Card To Wallet

Discuss your favorite close-up tricks and methods.

Postby Tony Rush » 04/20/09 04:56 PM

I didn't see an existing thread on this topic. (If there is one, perhaps the moderator could move this for me.)

I'm curious as to what recommendation this community would make for the best top-of-the-line wallet available for performing "card to wallet".

Specifically, I'd like one that's small and attractive enough to be used as an everyday wallet if I choose. (I recently bought the Heirloom/Shogun 2 wallet for use with the Heirloom effect. I'm having a blast performing it but....well, it's a pretty big wallet and not the prettiest thing I've ever carried my money in. :)

So...recommendations?

Thanks,
Tony
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Postby Jonathan Townsend » 04/20/09 05:34 PM

Ask Anthony Miller.

And there are likely LOTS of threads on this topic at the magic cafe.
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Postby Tom Frame » 04/20/09 06:32 PM

Tony Miller sells the Hip Pocket Bombshell, Hip Pocket Mullica, Triple Threat Wallet and the Modifier.

For details, go to www.rfaproductions.com
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Postby Lucas Sanou Reed » 06/15/09 09:06 AM

Hey Tony,

If you do indeed buy a wallet, be sure to check out Jerry Mentzer's book Card to Wallet. It is a compilation on dissimilar ways of performing the card to wallet effect. Impromptu, Ungimmicked, Gimmicked, etc.

He devotes a full chapter to ungimmicked wallets and another extensive chapter teaching you how to use gimmicked wallets such as Himber Wallet, Mullica Wallet and LePaul Wallet.

The methods described therein range from those requiring virtually no skill to more advanced methods that do indeed require some intermediate knowledge.

Check out this website for full contents of the book: http://archive.denisbehr.de/archive/res ... k=56&edit=

Magically,

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Postby Jeff Haas » 06/15/09 04:15 PM

It all depends on what the routine is. The wallet is just another impossible location.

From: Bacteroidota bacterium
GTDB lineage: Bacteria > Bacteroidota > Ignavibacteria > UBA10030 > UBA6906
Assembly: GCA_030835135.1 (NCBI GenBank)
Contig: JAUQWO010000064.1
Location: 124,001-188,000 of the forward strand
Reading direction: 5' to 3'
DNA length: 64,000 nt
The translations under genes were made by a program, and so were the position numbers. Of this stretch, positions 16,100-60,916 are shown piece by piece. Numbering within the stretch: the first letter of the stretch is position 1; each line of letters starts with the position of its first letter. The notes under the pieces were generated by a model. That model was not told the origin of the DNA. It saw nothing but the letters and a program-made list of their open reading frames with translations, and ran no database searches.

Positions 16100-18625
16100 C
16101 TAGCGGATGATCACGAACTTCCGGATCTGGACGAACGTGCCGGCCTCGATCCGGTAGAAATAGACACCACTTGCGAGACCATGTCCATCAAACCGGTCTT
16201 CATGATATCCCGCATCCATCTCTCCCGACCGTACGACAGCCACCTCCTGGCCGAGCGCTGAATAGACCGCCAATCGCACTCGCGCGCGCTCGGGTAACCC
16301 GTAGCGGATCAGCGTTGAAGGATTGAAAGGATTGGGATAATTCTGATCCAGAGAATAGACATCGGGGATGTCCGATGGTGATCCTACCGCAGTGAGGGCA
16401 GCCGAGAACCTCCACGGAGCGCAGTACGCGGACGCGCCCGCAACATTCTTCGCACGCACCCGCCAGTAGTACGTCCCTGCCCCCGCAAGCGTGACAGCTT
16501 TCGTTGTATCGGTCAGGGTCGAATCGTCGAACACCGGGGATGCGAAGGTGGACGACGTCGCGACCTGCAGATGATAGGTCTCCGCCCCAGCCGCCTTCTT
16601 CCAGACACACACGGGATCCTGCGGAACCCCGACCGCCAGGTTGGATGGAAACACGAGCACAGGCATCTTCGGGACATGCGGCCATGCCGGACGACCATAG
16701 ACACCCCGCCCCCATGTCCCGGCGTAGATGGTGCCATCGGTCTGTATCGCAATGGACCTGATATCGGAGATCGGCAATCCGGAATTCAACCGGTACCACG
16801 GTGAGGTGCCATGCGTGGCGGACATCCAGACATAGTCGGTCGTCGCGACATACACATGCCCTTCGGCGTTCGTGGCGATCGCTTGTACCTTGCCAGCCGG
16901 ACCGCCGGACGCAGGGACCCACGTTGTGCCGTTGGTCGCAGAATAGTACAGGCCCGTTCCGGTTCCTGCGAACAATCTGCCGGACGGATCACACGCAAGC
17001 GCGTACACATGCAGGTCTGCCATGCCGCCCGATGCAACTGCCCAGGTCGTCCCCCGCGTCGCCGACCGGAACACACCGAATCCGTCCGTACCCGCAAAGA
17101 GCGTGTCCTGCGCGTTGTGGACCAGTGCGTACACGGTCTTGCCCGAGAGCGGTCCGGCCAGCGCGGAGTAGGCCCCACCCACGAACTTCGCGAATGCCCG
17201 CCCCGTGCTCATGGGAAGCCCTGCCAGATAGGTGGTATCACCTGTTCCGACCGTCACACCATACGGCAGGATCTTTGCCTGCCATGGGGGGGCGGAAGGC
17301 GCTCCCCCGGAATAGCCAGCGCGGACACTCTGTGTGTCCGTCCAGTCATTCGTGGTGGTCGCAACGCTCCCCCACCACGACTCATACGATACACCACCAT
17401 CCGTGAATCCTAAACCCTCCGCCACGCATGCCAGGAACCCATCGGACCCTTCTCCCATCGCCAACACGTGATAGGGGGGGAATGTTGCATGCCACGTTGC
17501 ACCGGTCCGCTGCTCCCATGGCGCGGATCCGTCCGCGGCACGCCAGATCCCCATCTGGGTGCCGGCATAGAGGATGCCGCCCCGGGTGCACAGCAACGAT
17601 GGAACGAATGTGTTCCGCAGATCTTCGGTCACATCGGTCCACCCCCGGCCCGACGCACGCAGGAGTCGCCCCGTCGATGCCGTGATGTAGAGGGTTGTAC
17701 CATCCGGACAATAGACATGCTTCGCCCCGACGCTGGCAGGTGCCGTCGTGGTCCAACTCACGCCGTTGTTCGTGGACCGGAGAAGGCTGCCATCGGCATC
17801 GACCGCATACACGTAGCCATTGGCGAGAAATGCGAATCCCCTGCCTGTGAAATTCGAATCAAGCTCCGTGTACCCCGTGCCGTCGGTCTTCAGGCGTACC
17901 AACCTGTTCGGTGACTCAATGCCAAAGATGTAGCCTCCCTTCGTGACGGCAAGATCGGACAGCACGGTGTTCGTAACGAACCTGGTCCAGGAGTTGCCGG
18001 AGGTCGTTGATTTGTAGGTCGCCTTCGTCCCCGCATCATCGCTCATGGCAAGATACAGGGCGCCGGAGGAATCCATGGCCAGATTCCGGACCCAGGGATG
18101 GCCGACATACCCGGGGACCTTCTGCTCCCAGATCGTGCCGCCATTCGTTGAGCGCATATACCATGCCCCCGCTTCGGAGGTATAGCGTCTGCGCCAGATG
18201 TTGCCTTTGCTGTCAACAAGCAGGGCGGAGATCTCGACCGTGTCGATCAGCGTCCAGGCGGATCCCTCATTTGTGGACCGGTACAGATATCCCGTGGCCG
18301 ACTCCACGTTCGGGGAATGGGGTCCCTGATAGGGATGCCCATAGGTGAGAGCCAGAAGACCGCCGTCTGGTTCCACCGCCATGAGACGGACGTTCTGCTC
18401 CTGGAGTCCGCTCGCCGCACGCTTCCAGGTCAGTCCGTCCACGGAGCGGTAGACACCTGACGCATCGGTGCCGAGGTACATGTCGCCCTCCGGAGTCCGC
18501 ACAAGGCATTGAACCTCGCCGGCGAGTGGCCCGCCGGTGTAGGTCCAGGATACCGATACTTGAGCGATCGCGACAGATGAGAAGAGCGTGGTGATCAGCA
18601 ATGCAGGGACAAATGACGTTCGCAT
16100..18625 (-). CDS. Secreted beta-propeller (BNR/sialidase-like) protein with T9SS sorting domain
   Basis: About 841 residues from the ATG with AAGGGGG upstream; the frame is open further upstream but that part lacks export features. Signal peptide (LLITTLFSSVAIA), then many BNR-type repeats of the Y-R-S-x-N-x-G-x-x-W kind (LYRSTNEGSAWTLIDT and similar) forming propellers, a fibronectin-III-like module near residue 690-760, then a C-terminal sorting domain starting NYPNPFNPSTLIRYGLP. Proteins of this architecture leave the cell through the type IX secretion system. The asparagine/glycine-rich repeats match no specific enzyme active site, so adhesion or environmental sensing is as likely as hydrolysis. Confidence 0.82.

What I've found most card guys do is get one of each type...envelope loading (LePaul), no envelope (I have one and I forget the name), no palming (Mullica) and then pick the one they need for the routine. It's like having a bunch of gimmicked cards, you pick the right tool for the effect you want.

Don't forget to take a look at the Modifier, it combines with a hip pocket wallet in a very clever way. Also David Regal's "Special Delivery" can be used in or with a wallet.
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Postby Leonard Hevia » 06/15/09 07:31 PM

Jeff--the no envelope method is usually called the Kaps/Balducci wallet.
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Postby Steve Dela » 06/17/09 08:42 AM

The most natural looking small wallet I use is the JOL Hip card to wallet. Avalible from any dealer with a murpheys account.

For any sealed envelope effects I recommend the JOL plus wallet

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Postby Joe Skilton » 06/17/09 03:21 PM

A lot of card guys I know use "The Real Man's Wallet" by Steve Draun. I use it as my real, day-to-day wallet as well.

Just type "Real Man's Wallet" in google and you'll find the link. Highly Recommended!
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Postby Jim Maloney » 06/17/09 03:31 PM

The thing I don't like about the Jerry O'Connell wallets is the outside pocket -- I've never seen a (normal) wallet that had anything like that.

The Real Man's Wallet is great, as is the Modifier that Tony Miller makes (which converts any wallet into a CTW). Tony makes great stuff.

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Postby Ian Kendall » 06/17/09 04:09 PM

I've been using Jerry's wallets since 1993 and have _never_ been called on the outside pocket. I have first editions of the large wallet and the billfold version.

I still think Jerry's wallets are the best available. Both double up as my everyday wallets, so I've been carrying them for over fifteen years and they are both still in excellent condition.